Recipe test: keto sushi

We found an idea that excited us: keto sushi. Swap cauliflower “rice” for sushi rice, mostly, and watch what you include. Lily’s not a huge fan of sushi, but the rest of us kind of are, so this will let us include her more easily. It’s best to call this inspired by Japanese cuisine; this is not what you might expect from an authentic restaurant. If I get to visit Japan, I’ll tell you how well this approximates their famed cuisine!

Source 1: KetoConnect Sushi  Source 2: ruled.me Keto Sushi

Ingredients I used today:

  • 1 C cauliflower “rice”
  • 1 Tbsp coconut oil
  • 1 sheet nori (sushi seaweed)
  • 1/2 medium avocado
  • 1/4 C Persian cucumber
  • 1.5 oz cream cheese
  • two slices smoked salmon
  • small splash soy sauce

Method: text first, commentary with pictures later!

  • If you’re starting with whole cauliflower or florets, as I did, put them in some sort of food processor and quickly pulse to chop them up. I used a handblender food processing attachment.
  • Heat a frying pan to medium heat. When the pan is hot, add the coconut oil. When the oil is melted, stir in the 1 C of riced cauliflower. Cook until browned.
  • Transfer cooked cauliflower to a bowl and let cool slightly. Add a small splash of soy sauce for taste and color (1/4 to 1/2 tsp). Set aside.
  • Prepare the other ingredients. Measure the cream cheese, then cut it into strips. Slice the cucumber into matchsticks or other small strips. Same with the avocado.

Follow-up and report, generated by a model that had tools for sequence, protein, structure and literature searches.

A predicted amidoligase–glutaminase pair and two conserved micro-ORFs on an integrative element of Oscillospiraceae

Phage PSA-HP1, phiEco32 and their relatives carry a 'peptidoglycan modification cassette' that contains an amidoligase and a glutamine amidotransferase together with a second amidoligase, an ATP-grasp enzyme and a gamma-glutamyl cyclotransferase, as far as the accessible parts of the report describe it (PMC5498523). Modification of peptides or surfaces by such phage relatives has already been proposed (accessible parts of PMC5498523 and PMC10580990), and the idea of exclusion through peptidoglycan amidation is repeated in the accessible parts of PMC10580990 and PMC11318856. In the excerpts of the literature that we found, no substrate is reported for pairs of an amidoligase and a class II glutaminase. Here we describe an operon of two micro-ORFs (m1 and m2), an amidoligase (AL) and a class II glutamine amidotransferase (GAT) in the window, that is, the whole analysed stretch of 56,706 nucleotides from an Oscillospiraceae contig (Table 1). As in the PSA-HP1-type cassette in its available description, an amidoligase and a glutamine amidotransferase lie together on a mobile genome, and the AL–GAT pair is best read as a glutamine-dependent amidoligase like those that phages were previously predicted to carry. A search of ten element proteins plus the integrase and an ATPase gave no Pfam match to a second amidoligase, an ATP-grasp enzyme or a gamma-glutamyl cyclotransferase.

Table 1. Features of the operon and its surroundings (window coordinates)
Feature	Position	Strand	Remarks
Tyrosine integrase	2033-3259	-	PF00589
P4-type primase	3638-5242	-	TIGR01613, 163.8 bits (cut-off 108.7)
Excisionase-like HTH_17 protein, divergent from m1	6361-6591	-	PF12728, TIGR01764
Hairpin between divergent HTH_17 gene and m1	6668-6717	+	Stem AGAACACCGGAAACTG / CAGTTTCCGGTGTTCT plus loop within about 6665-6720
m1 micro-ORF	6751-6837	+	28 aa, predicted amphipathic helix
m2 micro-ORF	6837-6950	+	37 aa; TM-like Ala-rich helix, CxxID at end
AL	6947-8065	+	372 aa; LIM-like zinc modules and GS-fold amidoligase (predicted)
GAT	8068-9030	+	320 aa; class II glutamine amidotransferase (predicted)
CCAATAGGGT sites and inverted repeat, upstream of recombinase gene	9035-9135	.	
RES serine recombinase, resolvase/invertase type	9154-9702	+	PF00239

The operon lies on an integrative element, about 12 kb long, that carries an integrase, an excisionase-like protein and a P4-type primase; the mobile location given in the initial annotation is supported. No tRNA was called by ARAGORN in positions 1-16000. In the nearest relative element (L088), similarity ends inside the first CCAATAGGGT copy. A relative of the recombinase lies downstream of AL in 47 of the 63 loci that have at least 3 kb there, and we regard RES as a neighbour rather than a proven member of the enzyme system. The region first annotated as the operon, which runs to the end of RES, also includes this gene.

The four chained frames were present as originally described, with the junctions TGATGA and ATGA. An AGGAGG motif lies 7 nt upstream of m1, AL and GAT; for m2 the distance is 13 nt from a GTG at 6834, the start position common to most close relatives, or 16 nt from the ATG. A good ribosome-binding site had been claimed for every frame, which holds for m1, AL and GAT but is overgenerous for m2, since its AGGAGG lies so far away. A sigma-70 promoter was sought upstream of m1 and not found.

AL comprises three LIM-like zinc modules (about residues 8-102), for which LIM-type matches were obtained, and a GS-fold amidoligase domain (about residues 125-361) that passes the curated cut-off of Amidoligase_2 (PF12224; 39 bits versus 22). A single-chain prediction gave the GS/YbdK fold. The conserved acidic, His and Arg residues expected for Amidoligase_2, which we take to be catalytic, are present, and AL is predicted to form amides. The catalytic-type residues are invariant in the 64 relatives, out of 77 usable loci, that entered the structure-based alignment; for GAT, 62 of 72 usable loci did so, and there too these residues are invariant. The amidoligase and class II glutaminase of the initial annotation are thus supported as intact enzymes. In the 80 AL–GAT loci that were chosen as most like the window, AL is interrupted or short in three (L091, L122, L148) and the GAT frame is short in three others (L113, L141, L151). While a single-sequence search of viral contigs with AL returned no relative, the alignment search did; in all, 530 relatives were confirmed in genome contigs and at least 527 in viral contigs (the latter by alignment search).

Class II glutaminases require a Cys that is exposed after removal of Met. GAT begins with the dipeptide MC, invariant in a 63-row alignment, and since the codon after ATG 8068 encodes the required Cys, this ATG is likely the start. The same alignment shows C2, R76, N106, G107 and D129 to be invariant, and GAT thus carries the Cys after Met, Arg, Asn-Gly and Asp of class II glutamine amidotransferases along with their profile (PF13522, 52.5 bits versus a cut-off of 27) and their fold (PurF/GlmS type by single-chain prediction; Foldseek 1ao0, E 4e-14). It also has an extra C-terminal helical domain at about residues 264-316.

• Optional/recommended: gently heat the nori.
  • If you have one, put the nori on a sushi rolling mat – a makisu. If you don’t, use a piece of plastic wrap or a thin towel. Have the long side facing you.
  • Gently spread the cauliflower rice onto the nori. Leave about 1-2 fingers’ width free of rice along the far long edge.
  • Lay the other ingredients on top, near the edge closest to you, but leaving at least a finger’s breadth clear. Do not place fillings near the left and right edges; as you roll, they may move outwards. (They did for me!) I started with the fish, then put the cucumber on. I put the cream cheese on top of the fish, and the avocado on top of the cucumber, but leaning onto the fish/cheese.
  • Roll the long edge over, onto the “rice”, enclosing the fillings in your hands. Using a makisu or other device, squeeze the roll gently towards you. Roll and squeeze as you go to compress the ingredients.